Frost/Nixon is presented on Blu-ray at its theatrical aspect ratio of 2.39:1, and its VC-1 encode is spread across both layers of this BD-50 disc.

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Frost/Nixon is a film that, needless to say, is intensely driven by its dialogue, and the nature of the material doesn't lend itself to aggressive split-surrounds or a thunderous low-end. This DTS-HD Master Audio soundtrack suits the film marvelously, though. Anchored in the center channel, its dialogue is rendered cleanly and clearly, and even the most incendiary line readings aren't marred by a flicker of clipping or distortion. There's a fair amount of color in the surrounds, and dynamic range is robust when called for, particularly the throaty growl of Nixon's motorcade. Its sound design is inherently understated, but Frost/Nixon boasts a very effective lossless soundtrack that complements the film without any qualms or concerns.

Lossy DTS 5.1 dubs are offered in Spanish and French. The list of subtitles includes streams in English (SDH), Spanish, and French.


  • Deleted Scenes (30 min.): Among Frost/Nixon's

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    greatest strengths is its adeptness in layering its characters with so much texture, and its half-hour of deleted scenes do a remarkable job of fleshing them out that much further. This lengthy reel includes a more intense and intimate look at the leadup to Nixon's resignation speech, a fully edited version of Frost watching the President's farewell speech alongside a take shot on video, an extended version of Frost reconnecting with producer John Birt, a lengthier research montage, literary agent Swifty Lazar bickering with Nixon about wanting to hold onto a $200,000 check, the assassination attempts on Ford's life that better inform one scene that did make it into the film, and an even more scathing encounter between Frost and his researchers. Frost/Nixon still plays wonderfully without all of this additional footage, but so much of it is compelling that I'm glad to see it on this Blu-ray disc in one form or another. This half-hour reel of deleted scenes is the only standard definition extra on the disc, by the way.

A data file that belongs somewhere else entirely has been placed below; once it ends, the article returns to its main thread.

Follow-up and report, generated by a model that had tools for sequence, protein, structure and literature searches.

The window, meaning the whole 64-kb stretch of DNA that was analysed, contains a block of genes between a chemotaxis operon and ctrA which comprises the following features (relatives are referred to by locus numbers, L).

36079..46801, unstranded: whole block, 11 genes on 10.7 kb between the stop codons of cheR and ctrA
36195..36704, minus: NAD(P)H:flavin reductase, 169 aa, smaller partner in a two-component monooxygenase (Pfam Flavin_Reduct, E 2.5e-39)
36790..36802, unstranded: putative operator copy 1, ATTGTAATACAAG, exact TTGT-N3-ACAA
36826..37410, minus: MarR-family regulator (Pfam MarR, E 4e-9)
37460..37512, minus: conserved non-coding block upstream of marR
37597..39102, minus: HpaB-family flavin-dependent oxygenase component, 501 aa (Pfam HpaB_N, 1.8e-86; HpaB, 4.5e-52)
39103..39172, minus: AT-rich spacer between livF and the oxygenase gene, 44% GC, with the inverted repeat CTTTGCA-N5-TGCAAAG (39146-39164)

• Discovering Secrets: The People and Places Behind the Story (13 min.; HD): "Discovering Secrets" opens by interviewing the likes of Sir David Frost himself and the Smith family who hosted these interviews decades ago, and they chat briefly about Nixon's penchant for smalltalk and what it's like to have one's house invaded this way. From there, the featurette notes how Frost/Nixon was able to take advantage of so many of the actual backdrops behind these interviews, including Nixon's home at La Casa Pacifica, the very same room at the Beverly Hilton that Frost had stayed in, and even the helicopter in which Nixon had made his final departure from the White House. Frank Langella also speaks about learning one of Nixon's compositions on the piano.

  • The Making of Frost/Nixon (23 min.; HD): This comprehensive making-of piece is primarily anchored around the process of adapting the stage play to the screen, the heavy emphasis placed on spontaneity and improvisation, and the cast's thoughtful interpretations of these real-life figures. (Most memorably, Langella notes how he stayed in character throughout virtually the entire shoot, to the point of asking to be referred to as "Mr. President" on the set.) The wardrobe and production design are also explored in detail along with the freewheeling camerawork.

  • The Real Interview (7 min.; partially HD): Frost/Nixon's cast and crew reflect on watching these interviews when they first aired more than thirty years ago, and it's noted how accurately the stage play reflects the two men's hours of exchanges even with as tightly condensed as they had to be. Excerpts from the original interviews -- shot decades ago on standard definition video, it ought to go without saying -- have also been provided.

  • The Nixon Library (6 min.; HD): The last of Frost/Nixon's featurettes takes a look at The Richard Nixon Presidential Library and Museum, touching on its history, its mission statement, and the overall importance of presidential libraries.